There’s even a Fintan Magee mural (the elephant) who is one of my all time favourite street artists.

Toowoomba is only about 90 mins drive from Brisbane so I’d thoroughly recommend checking this out sometime if you’re into street art.

table top mountain, toowoomba

I started my day in Toowoomba by climbing to the plateau of Table Top Mountain.

I can’t believe I hadn’t been up here before: it’s amazing.

The climb up and back down was much quicker, but much harder, than I was expecting. Once you’re at the top there’s a huge grassy plateau to walk around and admire the gorgeous views of the pristine Lockyer Valley around you 😍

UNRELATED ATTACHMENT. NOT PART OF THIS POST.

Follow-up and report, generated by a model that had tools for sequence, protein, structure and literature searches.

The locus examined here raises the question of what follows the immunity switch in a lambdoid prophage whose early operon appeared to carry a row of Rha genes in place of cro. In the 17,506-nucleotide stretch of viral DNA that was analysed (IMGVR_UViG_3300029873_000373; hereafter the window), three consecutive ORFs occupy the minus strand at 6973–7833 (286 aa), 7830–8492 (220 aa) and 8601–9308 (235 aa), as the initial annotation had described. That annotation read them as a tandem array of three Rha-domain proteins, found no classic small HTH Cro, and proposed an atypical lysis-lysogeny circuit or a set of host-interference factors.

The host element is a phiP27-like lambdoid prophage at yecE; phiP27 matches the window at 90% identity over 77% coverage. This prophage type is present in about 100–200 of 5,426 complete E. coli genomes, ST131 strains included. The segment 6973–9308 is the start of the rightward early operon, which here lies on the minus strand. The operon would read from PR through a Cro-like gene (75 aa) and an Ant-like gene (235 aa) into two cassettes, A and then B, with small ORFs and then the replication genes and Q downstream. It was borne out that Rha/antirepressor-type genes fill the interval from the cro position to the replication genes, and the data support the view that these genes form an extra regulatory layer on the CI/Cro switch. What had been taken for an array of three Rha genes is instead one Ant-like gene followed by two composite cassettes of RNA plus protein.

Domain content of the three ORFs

There were a number of large prickly pear cacti growing around various parts of the mountain covered in fruit.

I definitely would do this again if I was in the Toowoomba area.

Elevation: 596m (206m gain)
Time up: 19m
Time down: 18m

wellington

I spent the last few days in Wellington representing my company as a sponsor at a web conference. Whilst my daily schedule was jam-packed, fortunately Wellington is very small so I still was able to squeeze in some local exploring and taking some snaps in any opportunity I could.

The botanic gardens had a small collection of cacti and succulents (despite the cold weather), and there was a fair bit of street art, especially around the Cuba Street precinct which reminded me a lot of Fitzroy in Melbourne.

overseas travel tips for australians

I travel overseas for work quite a bit so I’ve worked out a few things that make it easier and more streamlined when traveling abroad. 

Here they are in case they come in handy for you: